Welcome to Capital Confidential — a weekly diary column featuring the best tidbits from around the U.K.’s business and political landscape from sister publication Financial News.
This week: Trump’s love for the Village People’s song ‘Macho Man’; and an answer to the mystery of where the Lehman Brothers Canary Wharf sign went…
Trump’s so macho
While Hillary Clinton is fond of the saying “It takes a village”, it seems her political adversary Donald Trump takes the Village People. Capital hears from a U.S. embassy spy that when the U.S. president arrived in London for his chaotic visit in July last year, he requested that he enter Winfield House, the U.S. ambassador’s home in Regent’s Park where he was staying with first lady Melania Trump, to the sound of the Village People’s 1978 song “Macho Man”. It is understood the president’s wish was granted.
Even by the standards of President Trump’s reality TV-style of government, this seems outlandish. Yet Trump is a well-known fan of the song, which is also a celebrated gay anthem. Several of his pre-rally musical playlists, both before and after his election victory, featured “Macho Man”. The president has never publicly explained why he admires the tune (which was never released in the U.K. as a single). Perhaps he is drawn to the lyrics, which include: “Every man wants to be a macho macho man/ To have the kind of body, always in demand.” Maybe he has fond memories of dancing to the song during the 1970s, when he frequented New York nightclub Studio 54.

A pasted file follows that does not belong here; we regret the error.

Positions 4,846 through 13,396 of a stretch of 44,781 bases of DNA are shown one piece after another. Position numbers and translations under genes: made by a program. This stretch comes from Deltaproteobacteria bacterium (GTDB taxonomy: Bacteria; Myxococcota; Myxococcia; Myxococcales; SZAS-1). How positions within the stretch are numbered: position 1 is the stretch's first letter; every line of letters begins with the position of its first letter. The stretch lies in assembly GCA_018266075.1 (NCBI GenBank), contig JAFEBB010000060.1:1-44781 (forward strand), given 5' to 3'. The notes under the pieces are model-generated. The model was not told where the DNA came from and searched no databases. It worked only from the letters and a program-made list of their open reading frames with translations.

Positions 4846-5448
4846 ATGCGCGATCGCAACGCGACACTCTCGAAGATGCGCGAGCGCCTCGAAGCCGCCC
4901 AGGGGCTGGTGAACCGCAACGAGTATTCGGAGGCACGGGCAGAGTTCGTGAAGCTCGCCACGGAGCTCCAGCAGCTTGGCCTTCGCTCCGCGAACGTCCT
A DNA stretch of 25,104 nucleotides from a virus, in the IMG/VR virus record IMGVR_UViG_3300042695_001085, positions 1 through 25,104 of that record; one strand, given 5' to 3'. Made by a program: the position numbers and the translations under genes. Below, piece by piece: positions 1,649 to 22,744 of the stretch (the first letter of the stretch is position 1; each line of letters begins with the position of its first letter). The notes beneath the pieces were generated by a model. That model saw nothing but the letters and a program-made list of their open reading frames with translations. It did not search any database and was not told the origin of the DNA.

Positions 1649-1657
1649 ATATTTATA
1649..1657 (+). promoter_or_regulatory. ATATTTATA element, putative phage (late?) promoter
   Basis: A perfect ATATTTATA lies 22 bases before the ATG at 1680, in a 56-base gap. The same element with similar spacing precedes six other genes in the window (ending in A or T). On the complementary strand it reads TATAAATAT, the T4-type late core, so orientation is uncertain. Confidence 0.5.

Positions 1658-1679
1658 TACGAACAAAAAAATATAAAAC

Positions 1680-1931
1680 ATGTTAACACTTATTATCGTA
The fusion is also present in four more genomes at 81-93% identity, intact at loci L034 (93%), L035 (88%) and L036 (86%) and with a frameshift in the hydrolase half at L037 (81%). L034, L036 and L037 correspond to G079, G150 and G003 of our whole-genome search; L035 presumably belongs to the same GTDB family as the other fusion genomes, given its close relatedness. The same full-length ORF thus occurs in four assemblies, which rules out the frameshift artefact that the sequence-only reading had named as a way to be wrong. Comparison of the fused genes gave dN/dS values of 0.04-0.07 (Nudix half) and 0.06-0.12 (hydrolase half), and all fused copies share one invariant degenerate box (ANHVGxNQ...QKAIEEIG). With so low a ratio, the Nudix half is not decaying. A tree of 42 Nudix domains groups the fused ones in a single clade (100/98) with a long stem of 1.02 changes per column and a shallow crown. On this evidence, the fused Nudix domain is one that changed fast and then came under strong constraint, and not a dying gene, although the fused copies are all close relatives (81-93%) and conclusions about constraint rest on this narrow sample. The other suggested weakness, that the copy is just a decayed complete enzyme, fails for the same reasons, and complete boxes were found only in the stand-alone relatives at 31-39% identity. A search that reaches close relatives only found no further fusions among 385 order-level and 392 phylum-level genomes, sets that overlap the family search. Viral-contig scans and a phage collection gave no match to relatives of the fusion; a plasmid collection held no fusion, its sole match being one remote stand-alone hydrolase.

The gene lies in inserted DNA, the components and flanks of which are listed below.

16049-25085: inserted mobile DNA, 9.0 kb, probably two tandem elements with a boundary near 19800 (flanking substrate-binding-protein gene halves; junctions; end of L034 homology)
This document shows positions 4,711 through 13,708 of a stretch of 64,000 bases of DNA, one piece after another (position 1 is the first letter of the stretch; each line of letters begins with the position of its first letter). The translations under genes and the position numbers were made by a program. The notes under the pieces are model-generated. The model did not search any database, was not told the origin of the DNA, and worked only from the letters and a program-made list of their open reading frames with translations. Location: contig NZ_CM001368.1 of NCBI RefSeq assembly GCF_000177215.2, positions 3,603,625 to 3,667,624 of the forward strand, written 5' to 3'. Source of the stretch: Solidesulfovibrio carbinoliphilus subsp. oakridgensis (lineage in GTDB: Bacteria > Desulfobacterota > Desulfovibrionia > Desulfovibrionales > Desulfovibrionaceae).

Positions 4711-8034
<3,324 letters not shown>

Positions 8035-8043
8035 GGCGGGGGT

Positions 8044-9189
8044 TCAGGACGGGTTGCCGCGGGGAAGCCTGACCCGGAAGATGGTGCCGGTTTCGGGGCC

The source added that relations between the president and the U.S. embassy became so strained that some embassy staff refused on principle to assist in the coordination of his visit. The U.S. embassy press office is on hiatus because of the government showdown and didn’t get back to Capital with a comment. Prior to his visit, Trump attacked the U.S. embassy’s new building in Wandsworth, calling it “lousy” at a Michigan rally. It is unclear whether “Macho Man” got played at that particular rally.
The Lehman Brothers sign that adorned the collapsed investment bank’s offices in Canary Wharf was sold to a mystery buyer in 2010, going for £42,050 in a sale at Christie’s auction house. Capital can now solve the mystery of who bought the iconic sign at the sale of the bank’s art and ephemera, which was ordered by PwC, the defunct firm’s administrator.
The sign was purchased by millionaire landowner Nicholas Johnston, who owns the 3,800-acre estate of Great Tew in Oxfordshire. Prince Harry and Meghan Markle are living in a £2.5m cottage on the Great Tew estate while their home in the Frogmore estate, Windsor, is being renovated. Johnston’s Cotswolds neighbors include Victoria and David Beckham, and David and Samantha Cameron (Johnston is an Etonian contemporary of the former PM). Johnston — who is not thought to have a background in finance — proudly brandished the sign to a friend of this column when he visited his pad in Great Tew. As befits an aspiring Jay Gatsby, Johnston wouldn’t return calls regarding whether he would be showing off the sign to the Duke and Duchess of Sussex when they next come round for tea.